A new 6,000-square foot structure awaits assembly at Georgia Beach, ready to replace the deteriorating pavilion less than a third of its size.
But before the $350,000 donation from local businessman Jim Bryce can become the new focal point of the town park, the planning commission must approve it. After the project drew some criticism from neighbors at an hour-long public hearing last Tuesday, the commission has yet to issue a decision.
The selectboard announced Bryce’s intent to donate the building in late January, five years after the Arrowhead Industrial Park owner bestowed to the town a $1 million fire station.
Preliminary site plans were displayed at Town Meeting Day, and board members hoped work could begin in the spring. As selectman Ric Nye noted, though, “permits take longer than construction.”
Site plan review at the town level is the first step; the new building will also require state shoreland, demolition and building permits, plus an Act 250 administrative amendment. The project already obtained a state wastewater permit, allowing for septic tank relocation.
At the hearing last week, several neighbors to the lakefront park took issue with the proposed structure’s aesthetics: The 60 by 100-foot steel enclosure sided in cedar is in keeping with the pre-fabricated buildings that populate Bryce’s industrial park.
At 17 feet, the new building will be two feet taller than the pavilion it’s meant to replace. Site plans show a 120-square foot open space bordered by a kitchen and snack bar, two bathrooms and four storage areas.
But a wall officials say is intended to keep out the biting westerly wind drew much of the scrutiny last week.
“I have a problem with going to an event and not being able to see the lake,” planning commissioner Suzanna Brown said to a smattering of applause.
“The building’s not even giving you a view of the best resource we have,” resident Fred Grimm added. He further contended the structure’s “warehouse design” doesn’t fit with shoreline zoning district regulations.
“The planning commission does not play the role of the aesthetics or design police for the town – that’s not our function,” chairman Peter Pembroke reminded the room. “Some of us might like ranches, and some might like Victorians; that’s neither here nor there.”
He wondered, though, whether a municipal structure for long-term collective enjoyment deserved more public input than offered by typical site review.
Nye, who helped secure the donation over several months, thought not.
“Mr. Bryce feels this is the appropriate building for the community,” he said. “This is the offer on the table.”
Town administrator Mike McCarthy said Bryce’s plans consider functionality, increased space and weatherproofing.
“He felt the beach was a viable opportunity for his generosity,” McCarthy said.
Grimm argued the fire station’s 2011 construction was a more collaborative process. He accused the selectboard of keeping residents – especially those neighboring the beach – in the dark.
John Schnupp, who lives across the street from the park, agreed.
“I see everything that happens,” he said, including last Monday morning’s delivery of the structure. “I’m here to tell you I’m not opposed to this new building; it’s very much needed … [but] we felt slighted to only learn about this two weeks before.”
Brown questioned whether a dialogue with townspeople ever occurred despite plans being displayed on Town Meeting. Selectboard chairman Chris Letourneau said he heard varying reactions to the building.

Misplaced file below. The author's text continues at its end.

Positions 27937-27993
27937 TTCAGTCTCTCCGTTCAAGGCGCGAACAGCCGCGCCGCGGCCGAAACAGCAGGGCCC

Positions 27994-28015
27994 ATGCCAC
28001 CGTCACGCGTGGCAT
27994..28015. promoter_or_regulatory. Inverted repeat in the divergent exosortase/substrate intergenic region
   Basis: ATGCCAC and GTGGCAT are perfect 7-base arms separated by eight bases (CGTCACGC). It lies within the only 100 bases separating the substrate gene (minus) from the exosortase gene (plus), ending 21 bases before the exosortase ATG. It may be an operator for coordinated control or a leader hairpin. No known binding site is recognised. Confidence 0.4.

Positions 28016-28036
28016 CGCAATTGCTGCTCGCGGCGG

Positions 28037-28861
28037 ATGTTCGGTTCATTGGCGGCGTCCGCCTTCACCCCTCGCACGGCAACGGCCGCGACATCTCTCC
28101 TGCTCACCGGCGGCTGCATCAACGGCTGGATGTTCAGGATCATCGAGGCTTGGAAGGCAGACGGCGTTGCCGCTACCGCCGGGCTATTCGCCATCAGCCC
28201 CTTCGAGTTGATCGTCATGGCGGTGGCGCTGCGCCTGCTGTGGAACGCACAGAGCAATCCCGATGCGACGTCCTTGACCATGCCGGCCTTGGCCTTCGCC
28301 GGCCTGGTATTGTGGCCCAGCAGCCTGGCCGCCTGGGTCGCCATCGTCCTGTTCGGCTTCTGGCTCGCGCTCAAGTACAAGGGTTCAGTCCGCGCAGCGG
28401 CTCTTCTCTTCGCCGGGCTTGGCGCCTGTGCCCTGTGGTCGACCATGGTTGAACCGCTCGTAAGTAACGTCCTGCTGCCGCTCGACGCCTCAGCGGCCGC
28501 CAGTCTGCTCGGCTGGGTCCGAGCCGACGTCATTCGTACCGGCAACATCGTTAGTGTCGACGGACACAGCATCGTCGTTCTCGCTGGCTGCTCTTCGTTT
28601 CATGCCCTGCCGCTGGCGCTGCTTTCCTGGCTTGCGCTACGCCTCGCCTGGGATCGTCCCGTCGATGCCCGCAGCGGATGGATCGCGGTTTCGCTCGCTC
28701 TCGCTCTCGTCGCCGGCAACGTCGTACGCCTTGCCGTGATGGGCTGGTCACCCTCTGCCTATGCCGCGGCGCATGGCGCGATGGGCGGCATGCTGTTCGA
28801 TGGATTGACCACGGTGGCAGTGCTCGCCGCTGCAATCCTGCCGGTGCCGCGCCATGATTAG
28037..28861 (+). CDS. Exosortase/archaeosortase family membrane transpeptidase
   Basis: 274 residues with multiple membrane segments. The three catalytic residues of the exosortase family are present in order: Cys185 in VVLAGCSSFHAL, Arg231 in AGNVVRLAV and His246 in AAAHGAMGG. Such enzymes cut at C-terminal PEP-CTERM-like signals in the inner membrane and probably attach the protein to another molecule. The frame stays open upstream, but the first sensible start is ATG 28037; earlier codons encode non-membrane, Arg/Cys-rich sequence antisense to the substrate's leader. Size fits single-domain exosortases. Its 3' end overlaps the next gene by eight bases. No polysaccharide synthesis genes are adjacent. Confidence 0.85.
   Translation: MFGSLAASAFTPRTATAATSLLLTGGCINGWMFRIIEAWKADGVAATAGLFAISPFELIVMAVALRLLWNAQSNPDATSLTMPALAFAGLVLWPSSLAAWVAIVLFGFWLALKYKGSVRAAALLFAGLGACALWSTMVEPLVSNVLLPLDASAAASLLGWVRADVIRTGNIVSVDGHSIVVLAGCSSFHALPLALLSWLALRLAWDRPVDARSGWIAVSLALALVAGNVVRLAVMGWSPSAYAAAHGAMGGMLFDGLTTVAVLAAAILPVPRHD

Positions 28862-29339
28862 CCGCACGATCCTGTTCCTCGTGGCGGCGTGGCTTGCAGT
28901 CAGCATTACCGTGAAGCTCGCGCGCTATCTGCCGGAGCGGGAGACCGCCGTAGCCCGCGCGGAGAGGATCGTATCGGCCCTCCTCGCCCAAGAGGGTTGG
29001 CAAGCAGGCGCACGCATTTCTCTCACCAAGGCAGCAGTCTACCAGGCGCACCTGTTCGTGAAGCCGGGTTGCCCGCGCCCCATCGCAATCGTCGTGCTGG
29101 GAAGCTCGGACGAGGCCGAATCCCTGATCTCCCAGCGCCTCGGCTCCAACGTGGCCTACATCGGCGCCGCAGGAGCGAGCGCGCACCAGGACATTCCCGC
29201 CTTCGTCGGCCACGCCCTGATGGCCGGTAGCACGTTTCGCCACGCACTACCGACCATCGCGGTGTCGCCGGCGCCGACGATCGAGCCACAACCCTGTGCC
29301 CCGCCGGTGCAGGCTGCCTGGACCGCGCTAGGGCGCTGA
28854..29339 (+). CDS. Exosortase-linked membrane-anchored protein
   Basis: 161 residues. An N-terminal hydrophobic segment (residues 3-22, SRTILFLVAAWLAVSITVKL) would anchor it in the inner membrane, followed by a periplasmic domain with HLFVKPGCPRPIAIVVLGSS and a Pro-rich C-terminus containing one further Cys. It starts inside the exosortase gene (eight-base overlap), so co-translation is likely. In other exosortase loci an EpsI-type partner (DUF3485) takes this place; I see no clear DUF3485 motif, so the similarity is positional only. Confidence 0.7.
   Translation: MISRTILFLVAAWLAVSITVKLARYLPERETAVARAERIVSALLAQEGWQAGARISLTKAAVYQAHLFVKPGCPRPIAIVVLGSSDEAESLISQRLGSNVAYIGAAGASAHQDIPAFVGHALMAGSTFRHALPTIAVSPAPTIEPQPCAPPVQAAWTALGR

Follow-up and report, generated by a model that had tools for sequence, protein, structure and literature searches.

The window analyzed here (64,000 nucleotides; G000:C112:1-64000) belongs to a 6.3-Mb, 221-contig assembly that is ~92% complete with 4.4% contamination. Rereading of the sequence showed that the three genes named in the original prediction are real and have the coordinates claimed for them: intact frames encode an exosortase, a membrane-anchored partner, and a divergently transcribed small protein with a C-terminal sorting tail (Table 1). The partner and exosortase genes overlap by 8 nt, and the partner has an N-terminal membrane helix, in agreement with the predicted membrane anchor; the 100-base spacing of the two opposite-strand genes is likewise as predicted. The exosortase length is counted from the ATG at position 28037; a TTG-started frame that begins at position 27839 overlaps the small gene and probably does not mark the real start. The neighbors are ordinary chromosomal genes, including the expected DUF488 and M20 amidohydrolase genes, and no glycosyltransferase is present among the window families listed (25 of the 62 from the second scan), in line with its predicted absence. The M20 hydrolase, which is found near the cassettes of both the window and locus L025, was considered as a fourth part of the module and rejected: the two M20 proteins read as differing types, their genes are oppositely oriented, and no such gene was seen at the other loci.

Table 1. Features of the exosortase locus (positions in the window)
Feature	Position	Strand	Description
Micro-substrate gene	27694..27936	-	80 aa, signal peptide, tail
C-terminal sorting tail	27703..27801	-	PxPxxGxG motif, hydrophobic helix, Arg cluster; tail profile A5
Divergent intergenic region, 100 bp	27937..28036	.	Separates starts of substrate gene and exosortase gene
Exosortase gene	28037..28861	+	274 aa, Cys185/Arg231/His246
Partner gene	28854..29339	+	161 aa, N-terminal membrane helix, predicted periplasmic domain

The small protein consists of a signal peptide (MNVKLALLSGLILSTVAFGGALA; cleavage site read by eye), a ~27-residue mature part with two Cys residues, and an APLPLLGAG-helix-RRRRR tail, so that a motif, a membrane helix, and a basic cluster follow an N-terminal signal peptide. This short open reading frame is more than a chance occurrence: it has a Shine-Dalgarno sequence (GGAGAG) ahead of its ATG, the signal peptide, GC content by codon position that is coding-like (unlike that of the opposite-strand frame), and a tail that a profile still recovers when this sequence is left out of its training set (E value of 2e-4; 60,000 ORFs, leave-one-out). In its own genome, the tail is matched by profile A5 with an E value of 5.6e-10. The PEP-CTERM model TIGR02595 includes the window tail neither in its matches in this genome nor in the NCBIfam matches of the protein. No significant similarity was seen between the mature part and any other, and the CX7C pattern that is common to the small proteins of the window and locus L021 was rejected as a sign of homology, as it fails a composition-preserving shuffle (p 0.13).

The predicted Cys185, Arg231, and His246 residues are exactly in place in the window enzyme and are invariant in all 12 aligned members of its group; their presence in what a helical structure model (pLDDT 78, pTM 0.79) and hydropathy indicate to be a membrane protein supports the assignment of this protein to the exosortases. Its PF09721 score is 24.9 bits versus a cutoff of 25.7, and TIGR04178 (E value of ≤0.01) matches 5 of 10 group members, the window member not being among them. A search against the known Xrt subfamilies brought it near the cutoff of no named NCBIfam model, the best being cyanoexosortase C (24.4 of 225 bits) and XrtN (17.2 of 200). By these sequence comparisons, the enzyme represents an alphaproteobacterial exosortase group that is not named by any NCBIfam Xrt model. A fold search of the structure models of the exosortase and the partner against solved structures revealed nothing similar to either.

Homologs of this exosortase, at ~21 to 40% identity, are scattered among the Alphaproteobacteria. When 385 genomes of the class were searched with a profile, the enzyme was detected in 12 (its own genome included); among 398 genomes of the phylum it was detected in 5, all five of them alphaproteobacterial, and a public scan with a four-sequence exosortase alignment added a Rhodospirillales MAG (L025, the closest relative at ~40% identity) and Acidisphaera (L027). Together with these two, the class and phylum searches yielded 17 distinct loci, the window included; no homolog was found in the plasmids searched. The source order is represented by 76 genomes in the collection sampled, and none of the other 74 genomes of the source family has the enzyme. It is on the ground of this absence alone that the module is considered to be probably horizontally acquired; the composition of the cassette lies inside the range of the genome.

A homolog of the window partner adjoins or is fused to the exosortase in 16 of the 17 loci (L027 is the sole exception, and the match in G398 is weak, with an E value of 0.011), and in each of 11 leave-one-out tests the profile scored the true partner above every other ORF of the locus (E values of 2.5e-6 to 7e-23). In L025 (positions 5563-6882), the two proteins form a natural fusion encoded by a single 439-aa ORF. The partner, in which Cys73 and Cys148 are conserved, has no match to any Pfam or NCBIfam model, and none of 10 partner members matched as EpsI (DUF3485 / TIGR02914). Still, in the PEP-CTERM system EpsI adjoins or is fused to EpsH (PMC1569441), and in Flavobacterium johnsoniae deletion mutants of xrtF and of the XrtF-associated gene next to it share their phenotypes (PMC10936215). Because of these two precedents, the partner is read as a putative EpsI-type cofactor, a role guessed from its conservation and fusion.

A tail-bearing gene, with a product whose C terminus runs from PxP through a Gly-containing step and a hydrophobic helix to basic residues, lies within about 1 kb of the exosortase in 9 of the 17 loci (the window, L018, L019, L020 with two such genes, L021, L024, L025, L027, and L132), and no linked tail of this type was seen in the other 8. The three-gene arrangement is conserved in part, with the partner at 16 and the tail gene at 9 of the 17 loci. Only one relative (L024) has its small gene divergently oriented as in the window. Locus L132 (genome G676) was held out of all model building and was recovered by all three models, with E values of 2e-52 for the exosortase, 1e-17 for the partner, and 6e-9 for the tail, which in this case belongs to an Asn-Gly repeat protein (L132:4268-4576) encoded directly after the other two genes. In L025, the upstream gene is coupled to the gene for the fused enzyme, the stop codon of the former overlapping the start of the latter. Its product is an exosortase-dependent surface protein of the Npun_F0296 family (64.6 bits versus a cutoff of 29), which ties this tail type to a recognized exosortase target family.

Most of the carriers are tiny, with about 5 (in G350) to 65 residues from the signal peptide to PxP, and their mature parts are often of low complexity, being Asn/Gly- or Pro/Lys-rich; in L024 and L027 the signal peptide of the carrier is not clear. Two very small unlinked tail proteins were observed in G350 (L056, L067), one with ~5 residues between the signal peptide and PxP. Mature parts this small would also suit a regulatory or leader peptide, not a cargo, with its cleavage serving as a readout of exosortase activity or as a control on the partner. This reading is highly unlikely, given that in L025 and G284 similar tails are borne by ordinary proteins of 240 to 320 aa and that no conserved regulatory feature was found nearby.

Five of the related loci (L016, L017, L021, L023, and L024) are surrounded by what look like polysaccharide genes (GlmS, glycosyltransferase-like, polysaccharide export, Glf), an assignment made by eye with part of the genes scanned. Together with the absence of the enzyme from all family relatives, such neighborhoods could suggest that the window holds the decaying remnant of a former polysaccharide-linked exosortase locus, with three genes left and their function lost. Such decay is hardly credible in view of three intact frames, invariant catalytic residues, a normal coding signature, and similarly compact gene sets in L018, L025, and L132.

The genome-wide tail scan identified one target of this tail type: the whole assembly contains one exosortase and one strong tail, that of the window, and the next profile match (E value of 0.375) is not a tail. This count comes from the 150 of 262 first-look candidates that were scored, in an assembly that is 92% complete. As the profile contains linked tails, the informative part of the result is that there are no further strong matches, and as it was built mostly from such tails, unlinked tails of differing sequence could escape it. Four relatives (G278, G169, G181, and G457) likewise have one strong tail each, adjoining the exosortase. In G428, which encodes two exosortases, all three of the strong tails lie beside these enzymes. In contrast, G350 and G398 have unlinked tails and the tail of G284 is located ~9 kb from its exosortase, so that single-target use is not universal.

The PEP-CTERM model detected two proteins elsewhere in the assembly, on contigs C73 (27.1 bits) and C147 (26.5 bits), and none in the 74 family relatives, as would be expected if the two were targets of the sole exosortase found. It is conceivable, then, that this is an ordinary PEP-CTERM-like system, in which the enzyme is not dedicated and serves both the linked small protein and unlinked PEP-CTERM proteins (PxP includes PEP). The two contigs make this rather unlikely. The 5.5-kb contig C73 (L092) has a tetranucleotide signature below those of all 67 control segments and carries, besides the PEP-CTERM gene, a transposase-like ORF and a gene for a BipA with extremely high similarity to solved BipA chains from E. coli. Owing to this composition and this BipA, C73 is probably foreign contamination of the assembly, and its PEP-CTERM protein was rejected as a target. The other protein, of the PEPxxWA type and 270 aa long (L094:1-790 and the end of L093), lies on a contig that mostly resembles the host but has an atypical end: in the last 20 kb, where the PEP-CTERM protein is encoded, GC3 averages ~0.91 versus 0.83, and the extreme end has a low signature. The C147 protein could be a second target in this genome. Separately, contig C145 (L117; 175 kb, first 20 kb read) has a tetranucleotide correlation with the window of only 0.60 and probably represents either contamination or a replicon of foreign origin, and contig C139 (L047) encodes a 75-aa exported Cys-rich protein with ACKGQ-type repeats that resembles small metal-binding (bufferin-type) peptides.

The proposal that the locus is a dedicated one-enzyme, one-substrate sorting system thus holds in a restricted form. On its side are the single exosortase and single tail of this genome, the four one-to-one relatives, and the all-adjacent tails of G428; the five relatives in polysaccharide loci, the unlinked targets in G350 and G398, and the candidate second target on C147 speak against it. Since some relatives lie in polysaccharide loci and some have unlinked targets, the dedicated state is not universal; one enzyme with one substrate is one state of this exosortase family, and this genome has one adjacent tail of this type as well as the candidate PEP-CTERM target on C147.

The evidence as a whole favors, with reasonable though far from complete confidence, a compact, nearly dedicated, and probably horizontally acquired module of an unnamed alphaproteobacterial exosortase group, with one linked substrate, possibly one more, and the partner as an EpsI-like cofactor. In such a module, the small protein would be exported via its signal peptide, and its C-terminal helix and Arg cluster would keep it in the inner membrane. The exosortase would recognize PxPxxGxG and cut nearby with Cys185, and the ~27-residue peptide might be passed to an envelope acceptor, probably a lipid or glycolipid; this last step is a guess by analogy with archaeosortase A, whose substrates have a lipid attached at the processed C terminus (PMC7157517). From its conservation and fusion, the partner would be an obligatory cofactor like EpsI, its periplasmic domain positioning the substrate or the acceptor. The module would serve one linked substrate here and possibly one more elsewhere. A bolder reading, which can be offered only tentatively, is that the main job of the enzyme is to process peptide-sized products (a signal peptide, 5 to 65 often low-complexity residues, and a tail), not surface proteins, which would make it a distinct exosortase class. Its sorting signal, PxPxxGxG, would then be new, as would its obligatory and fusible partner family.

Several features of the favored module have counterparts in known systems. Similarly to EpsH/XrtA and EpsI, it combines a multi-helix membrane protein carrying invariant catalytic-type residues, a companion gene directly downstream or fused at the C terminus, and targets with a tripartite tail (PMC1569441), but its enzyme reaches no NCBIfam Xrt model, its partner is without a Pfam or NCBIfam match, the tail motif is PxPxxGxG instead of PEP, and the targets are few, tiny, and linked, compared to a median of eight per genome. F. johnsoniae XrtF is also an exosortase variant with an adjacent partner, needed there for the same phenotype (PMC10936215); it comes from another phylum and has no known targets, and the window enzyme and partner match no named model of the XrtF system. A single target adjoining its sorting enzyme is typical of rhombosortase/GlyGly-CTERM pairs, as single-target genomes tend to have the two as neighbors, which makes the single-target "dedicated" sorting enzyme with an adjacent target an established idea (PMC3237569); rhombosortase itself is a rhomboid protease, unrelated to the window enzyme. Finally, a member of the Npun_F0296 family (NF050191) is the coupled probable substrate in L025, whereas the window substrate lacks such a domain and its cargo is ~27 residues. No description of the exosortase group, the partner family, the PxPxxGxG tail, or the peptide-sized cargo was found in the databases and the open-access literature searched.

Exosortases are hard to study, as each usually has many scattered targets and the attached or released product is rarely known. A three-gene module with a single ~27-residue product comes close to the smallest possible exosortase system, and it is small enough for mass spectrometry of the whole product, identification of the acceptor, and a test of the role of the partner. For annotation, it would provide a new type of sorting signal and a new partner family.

“We were offered this particular building free of charge,” Nye said, noting Bryce is cutting the check for all related costs – labor, materials, engineering – save for permitting, deconstruction of the old pavilion and wiring the new space. “This was a huge opportunity for the town to replace an aged facility with something that will last us a long time.”
After resident Heather Grimm cautioned officials the structure’s western wall will prevent parents from watching their children on the playground while inside the building, neighboring landowner Doug Bergstrom suggested swapping the playground with the current volleyball court and adding an access road to keep visitors from driving over the septic system.
Letourneau said beyond an extra $60,000 in the budget, the board hasn’t considered additional park renovations. He agreed Bergstrom’s idea warranted further research.
“We’re certainly not opposed to improving the facilities around the building – we thought we would get the building up first,” Nye said. “This donor is used to making things happen in a hurry.”
For planning commissioner Tara King, therein laid the problem.
“Couldn’t there be a conversation, not just, ‘I’m king and this is what I’m putting in?’ The community wants to see it work,” she said.
“I can assure you the town of Georgia doesn’t have $350,000 for a building,” Letourneau countered.
Later, others echoed Bergstrom’s concern the beach has evolved into a baseball park. The proposed building’s only open side faces the fields used predominately by Little League, recently outfitted with permanent fencing and larger, updated scoreboards.
The snack bar and serving window is another gift to Little League, residents said, worrying the kitchen and storage space would quickly be spoken for.
“I would like to see it opened up for everyone to use and not just limited to this sport that only lasts a short period of time,” Bergstrom said.
Heather Grimm said the gift is “phenomenal” but needs to benefit the whole town.
“Sometimes what is best for our pockets is not what’s best for our whole community,” she said.
The planning commission will continue deliberations on May 23 at 5:30 p.m., when it meets next in the Georgia municipal building.